One interesting fact was that the Catholic Legion of Decency a very powerful group in those days made objections to suggestive lyrics in Personality. Hard to believe in this day and age, but as another songwriter a generation later put it, "the times, they are a changin'."

Road picture references are sometimes dated, but the laughs are eternal.
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8/10
Hope and Crosby, still entertaining the troops, and everybody else!
mark.waltz3 October 2016
Warning: Spoilers
If you thought the talking camels in "Road to Morocco" were delightfully screwy, wait until you see what talks here. After a three year break between their teaming, the trio of Hope, Crosby and Lamour are back for their fourth entry. This time, they stay in North America, but are as far up north as you can be without going south again. The snow covered terrain of (presumably) the Yukon territory is a setting for plenty of action and thrills, with more comedy at every scene change.

They are on the search for gold, having ended up with a map to a gold mine, taken from two notorious cutthroats who stole it themselves. With the help of the lovely Dorothy Lamour, they end up with the loot, followed by the best ending of the entire series that deals with an obvious potential censorship issue in a very clever way.

This utilizes an introduction by Robert Benchley and wry commentary by him to move it along, plus a few songs to parody what they had already done successfully in "Road to Morocco". The title song from that is easily followed up by "Put it there, pal", a very funny inside joke. Lamour gets a good solo with " Personality", one of her best solos. The next film in the series, "Road to Rio", ranks as my third favorite, with "Morocco" as the best and "Utioia" second. I'm just sorry that they never did one called "Road to Rhodes".
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7/10
"And I thought this was going to be an 'A' picture!"
classicsoncall29 November 2014
Warning: Spoilers
You know, it's not many films that will offer more than one real good choice for my usual summary line quote, but this one had several. The one I picked came pretty early courtesy of Bob Hope, and it's that kind of self deprecating humor that makes these Road films fun to watch.

Well the story and humor may be dated, but let's face it, with Hope and Crosby in a picture I'm tuning in every time; throw in Dorothy Lamour and that's just icing on the cake. This one used a clever reference to Lamour's appearance in 1942's "Road to Morocco" when the picture borrowed that fantasy scene with her dressed in a sarong. There might have been others but let's face it, the way the boys fire off their zingers it's sometimes tough to keep up with.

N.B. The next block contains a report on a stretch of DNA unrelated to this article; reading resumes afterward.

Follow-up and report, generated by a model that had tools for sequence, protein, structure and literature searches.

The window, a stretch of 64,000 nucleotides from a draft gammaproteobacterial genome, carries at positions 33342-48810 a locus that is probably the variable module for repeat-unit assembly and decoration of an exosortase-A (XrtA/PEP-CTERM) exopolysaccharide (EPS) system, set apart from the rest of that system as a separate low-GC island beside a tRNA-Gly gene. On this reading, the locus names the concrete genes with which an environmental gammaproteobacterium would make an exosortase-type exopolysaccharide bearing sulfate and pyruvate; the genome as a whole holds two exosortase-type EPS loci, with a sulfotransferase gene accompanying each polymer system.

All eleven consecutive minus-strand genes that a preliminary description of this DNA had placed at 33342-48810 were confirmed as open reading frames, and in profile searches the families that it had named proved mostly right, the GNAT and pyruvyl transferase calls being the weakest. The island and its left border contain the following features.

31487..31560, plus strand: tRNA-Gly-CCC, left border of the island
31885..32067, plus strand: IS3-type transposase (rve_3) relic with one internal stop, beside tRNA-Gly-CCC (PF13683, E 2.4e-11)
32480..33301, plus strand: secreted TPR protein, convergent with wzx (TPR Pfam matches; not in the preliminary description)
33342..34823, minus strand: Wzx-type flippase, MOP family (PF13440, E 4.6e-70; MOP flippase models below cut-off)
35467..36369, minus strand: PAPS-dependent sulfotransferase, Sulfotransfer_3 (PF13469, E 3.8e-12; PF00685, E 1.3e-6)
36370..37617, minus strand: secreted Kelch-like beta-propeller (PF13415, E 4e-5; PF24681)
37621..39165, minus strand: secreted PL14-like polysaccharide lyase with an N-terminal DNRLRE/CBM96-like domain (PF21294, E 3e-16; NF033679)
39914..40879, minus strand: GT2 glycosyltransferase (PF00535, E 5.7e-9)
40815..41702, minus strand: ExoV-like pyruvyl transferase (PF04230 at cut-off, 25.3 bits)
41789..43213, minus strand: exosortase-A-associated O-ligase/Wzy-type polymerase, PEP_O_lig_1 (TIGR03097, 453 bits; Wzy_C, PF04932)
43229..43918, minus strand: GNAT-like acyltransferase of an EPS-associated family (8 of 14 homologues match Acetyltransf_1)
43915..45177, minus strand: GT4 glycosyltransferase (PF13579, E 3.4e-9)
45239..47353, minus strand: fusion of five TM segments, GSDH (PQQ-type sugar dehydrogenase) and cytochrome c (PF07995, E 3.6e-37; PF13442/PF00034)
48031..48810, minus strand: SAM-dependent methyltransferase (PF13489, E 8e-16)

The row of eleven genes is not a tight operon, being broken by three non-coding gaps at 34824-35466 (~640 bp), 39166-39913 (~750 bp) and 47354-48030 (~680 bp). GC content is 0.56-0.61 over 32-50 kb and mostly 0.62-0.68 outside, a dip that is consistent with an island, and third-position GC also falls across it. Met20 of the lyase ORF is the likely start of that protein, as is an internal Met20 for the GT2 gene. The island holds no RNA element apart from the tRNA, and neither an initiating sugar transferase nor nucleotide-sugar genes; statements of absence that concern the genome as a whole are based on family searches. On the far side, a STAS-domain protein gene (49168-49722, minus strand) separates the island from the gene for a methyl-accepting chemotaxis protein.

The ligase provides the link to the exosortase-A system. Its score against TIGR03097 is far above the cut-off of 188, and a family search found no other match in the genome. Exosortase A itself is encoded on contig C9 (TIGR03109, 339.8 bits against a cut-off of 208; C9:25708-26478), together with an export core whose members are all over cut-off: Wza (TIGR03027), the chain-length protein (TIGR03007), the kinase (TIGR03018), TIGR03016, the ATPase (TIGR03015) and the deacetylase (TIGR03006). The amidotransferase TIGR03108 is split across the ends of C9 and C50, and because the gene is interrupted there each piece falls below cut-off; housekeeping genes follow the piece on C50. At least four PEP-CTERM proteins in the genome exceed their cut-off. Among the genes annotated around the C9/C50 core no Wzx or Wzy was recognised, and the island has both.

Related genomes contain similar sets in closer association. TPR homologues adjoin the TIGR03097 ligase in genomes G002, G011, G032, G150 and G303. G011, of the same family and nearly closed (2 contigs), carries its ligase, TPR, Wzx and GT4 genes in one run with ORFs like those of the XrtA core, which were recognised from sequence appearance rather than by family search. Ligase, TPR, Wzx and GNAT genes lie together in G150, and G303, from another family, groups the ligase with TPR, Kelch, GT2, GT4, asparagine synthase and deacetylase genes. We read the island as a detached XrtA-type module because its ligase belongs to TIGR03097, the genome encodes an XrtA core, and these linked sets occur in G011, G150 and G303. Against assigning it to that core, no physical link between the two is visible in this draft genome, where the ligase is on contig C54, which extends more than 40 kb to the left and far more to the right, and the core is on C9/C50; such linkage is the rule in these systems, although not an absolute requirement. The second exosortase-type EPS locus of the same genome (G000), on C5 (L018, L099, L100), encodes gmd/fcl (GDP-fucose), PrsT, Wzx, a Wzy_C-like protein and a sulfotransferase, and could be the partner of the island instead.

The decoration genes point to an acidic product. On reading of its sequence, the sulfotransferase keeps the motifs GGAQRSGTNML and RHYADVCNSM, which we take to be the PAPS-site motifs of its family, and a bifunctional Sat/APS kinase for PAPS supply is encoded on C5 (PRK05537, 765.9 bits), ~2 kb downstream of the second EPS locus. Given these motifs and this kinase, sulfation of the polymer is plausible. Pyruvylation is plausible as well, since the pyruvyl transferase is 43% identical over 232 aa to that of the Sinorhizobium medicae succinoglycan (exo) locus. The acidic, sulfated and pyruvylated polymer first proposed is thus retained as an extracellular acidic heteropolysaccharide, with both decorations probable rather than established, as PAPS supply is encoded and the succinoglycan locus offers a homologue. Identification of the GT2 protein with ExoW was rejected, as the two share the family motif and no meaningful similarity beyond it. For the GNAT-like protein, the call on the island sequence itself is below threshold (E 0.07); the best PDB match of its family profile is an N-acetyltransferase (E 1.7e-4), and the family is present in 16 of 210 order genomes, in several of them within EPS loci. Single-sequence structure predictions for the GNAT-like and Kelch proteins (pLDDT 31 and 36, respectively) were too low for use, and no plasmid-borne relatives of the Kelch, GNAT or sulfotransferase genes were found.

With quirky Robert Benchley commentary, nice pacing with the musical numbers and constant confusion supplied by the players, "Road to Utopia" is probably the best regarded film of the series. With this one I'm past the half way point with three more to go (there's seven in total) and it's just a matter of time before I catch the rest. It's nice to settle back and catch these entertainment legends well before the industry entered X-rated territory in order to make a buck. Who knows, maybe next time they'll bring Sinatra.
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8/10
Deliciously lighthearted fare.
rmax30482322 April 2005
If you need some laughs, this is a movie for you. I think this is the fourth of the "Road" pictures that Hope and Crosby made together. "The Road to Rio" was good, too, but the ones that followed demonstrated a flagging of inspiration.

Here, they are the crew are at their best. The plot is screwball, as usual, and not worth spelling out. What counts are the songs, the gags, and the interplay between the three principals -- Hope, Crosby, and Dorothy Lamour.

Most of the Road pictures had one or two songs which wound up on the pop charts. They were usually kind of pretty and unpretentious, "easy listening", to coin a phrase. (Oh, bring it back, sob!) "Moonlight Becomes You," "Personality," "Welcome to My World." And Bing did most of the singing in his smooth baritone. Nothing more than proficient and pleasant to listen to, although he belonged to, I think, a peppy vocal trio in the early 1930s whose arrangements were kind of original.